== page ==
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September 06, 2008


Andrew F

Great post.

The difficulty, of course, is that once you start deconstructing your own moral values to make more reasoned arguments, you end up with nothing to tie your logic to. I take equality to be a value in itself, just as I take something more inane like... our obligation to minimise suffering.

Once I define the foremost in economic terms, what's to stop someone asking for a costs-benefits analysis of, say, torturing babies?

More to the point, they can take apart the first of your arguments by saying something, "Well, who cares about justice?". The second dissipates with a swift, "Freedom? Crime? I feel very free and very safe in my 16 bedroom mansion, with its 24 hour surveillance security, thank you very much."

At some point, you have to put an absolute into play. Otherwise, nobody wins.

Bendy Girl

Hi Chris, I just wanted to thank you for the link, interesting post as usual! BG

Joe Otten

Should we trust animal rights advocates who argue that animal experiments are scientifically useless? (No.)

So should we trust the arguments of equality advocates who find other reasons for equality-minded interventions?

Of course my animal rights example is an easy one because we can tell that the suggestion is bunk. By contrast you are probably right to some extent about growth and crime and merit.

But it might be hard to find the best policies for growth, crime and merit, if the debate is polarised according to belief in equality.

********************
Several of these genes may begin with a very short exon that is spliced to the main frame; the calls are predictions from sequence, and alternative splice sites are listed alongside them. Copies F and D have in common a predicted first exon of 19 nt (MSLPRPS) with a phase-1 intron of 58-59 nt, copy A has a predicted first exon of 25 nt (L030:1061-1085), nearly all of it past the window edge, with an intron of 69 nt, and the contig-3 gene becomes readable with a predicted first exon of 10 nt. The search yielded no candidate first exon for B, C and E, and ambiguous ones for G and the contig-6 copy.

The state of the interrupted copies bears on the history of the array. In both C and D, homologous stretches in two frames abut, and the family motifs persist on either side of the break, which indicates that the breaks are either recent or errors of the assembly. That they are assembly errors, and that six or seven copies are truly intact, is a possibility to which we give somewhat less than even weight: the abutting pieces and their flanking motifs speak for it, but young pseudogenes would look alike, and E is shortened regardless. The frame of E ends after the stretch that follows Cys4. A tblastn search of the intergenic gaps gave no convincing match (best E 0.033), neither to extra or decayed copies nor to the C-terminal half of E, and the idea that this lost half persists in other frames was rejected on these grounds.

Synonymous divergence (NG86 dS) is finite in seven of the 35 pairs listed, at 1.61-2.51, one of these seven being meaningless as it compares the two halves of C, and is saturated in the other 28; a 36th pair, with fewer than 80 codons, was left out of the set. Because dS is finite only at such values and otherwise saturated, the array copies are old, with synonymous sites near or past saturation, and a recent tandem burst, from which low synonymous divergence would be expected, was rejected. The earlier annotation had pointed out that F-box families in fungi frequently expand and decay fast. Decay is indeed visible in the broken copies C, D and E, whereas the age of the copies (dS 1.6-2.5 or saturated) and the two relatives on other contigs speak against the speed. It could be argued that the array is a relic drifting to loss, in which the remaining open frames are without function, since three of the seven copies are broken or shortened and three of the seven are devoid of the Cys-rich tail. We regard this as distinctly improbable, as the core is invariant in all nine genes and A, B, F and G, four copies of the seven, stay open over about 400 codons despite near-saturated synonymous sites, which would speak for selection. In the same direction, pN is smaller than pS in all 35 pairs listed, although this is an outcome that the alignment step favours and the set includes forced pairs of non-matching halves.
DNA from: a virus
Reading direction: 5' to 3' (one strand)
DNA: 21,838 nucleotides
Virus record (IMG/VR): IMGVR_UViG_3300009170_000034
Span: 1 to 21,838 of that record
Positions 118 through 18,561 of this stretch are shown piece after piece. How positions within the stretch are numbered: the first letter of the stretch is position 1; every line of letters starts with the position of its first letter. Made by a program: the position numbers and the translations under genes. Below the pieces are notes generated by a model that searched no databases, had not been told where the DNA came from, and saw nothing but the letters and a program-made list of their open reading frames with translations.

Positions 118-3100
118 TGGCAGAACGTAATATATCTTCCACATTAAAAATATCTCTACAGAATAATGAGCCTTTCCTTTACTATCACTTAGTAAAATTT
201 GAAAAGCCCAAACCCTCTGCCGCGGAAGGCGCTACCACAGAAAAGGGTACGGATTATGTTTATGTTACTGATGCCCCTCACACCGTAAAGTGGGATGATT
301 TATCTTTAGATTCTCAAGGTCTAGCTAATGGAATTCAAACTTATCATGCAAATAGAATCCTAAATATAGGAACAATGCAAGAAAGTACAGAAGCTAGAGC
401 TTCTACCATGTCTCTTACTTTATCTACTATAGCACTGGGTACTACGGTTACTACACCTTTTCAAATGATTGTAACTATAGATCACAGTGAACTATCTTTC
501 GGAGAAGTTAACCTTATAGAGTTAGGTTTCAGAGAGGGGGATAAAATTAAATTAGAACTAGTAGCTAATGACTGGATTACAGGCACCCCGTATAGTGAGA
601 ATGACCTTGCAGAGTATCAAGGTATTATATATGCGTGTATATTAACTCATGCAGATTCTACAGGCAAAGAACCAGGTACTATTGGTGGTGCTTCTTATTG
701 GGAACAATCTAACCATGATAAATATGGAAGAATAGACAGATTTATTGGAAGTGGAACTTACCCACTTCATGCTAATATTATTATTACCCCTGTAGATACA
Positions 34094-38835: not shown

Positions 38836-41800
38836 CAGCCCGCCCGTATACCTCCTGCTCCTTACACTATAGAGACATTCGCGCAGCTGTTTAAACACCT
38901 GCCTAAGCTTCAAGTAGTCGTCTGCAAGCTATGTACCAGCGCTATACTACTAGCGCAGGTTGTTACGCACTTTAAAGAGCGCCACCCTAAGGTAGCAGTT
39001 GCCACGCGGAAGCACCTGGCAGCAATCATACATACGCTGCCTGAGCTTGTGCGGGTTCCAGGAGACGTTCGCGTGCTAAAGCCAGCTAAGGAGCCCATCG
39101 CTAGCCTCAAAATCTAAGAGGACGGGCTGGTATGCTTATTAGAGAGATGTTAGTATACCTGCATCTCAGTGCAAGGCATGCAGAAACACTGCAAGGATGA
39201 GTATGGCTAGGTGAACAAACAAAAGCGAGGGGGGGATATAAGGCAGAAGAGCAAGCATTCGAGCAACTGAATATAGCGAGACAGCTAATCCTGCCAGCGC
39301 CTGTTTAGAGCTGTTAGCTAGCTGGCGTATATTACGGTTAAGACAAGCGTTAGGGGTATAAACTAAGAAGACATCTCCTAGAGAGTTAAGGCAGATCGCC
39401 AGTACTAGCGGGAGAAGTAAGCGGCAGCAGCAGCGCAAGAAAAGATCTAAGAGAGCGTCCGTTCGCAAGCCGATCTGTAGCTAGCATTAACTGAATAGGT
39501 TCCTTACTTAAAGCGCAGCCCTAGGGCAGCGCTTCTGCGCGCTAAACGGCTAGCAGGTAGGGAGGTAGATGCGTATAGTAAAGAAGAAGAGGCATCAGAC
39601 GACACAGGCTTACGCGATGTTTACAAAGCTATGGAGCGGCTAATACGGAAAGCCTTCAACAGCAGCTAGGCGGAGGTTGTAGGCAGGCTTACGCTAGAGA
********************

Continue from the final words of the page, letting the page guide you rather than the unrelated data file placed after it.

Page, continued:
This and your other posts on morality, or moral reasoning seem to me to fail for one basic reason. They ignore that the fact the case for equality or any other state of affair cannot be made on anything other than moral grounds. Whatever the economic grounds are for equality, they would also have to be grounds that are desirable (prudent) as well as meet our approval (moral). Why would we even seek to make the case for equality, if not for some moral reason/s?

"1. You could argue the facts - the rich are not admirable and deserving, and the poor are not scroungers."

Firstly, how are we to understand words like 'admirable' without a world of value. The word is itself a moral judgement. Secondly, such a statement is not a fact, but depending on the moral world employed, it may be a moral fact.

"2. You could make other arguments for equality - that it might increase economic growth or reduce (pdf) crime (pdf). I’d add that too that it can promote freedom even in the libertarian sense,..."

And each of these arguments would nevertheless depend upon a moral view that valued economic growth, or less crime, or more freedom.

"Of course, Norm’s right in the sense that my arguments for effects which are “beneficial even in terms of some non-egalitarian outlook” is also a form of moral justification. But this defines “moral argument” so widely as to include pretty much anything."

Well, not quite. Its not that moral reasoning is here drawn too widely, its simply the fact that all practical judgements are themselves moral judgements because the imply a world of value.

The problem with your series of arguments is that you, as has been pointed out, have conflated moralism with moral reasoning and in the process neutered your own evaluative (moral) judgements into the bargain.

Still, as a first-time visitor I like your blog and will return.


Could the rule of diminishing returns be used to argue for increased equality?

The overall welfare of a society with one member having an income of £1 million and 100 members with £10,000 is probably lower than an equally productive society with one member having an income of £500,000 and 100 with incomes of £15,000. This stands to reason to me as one member has his wealth halved (though he remains 'rich') but 100 members have their wealth increased by 50%. Then again I'm not a student of economics so I could have made some logical error there.

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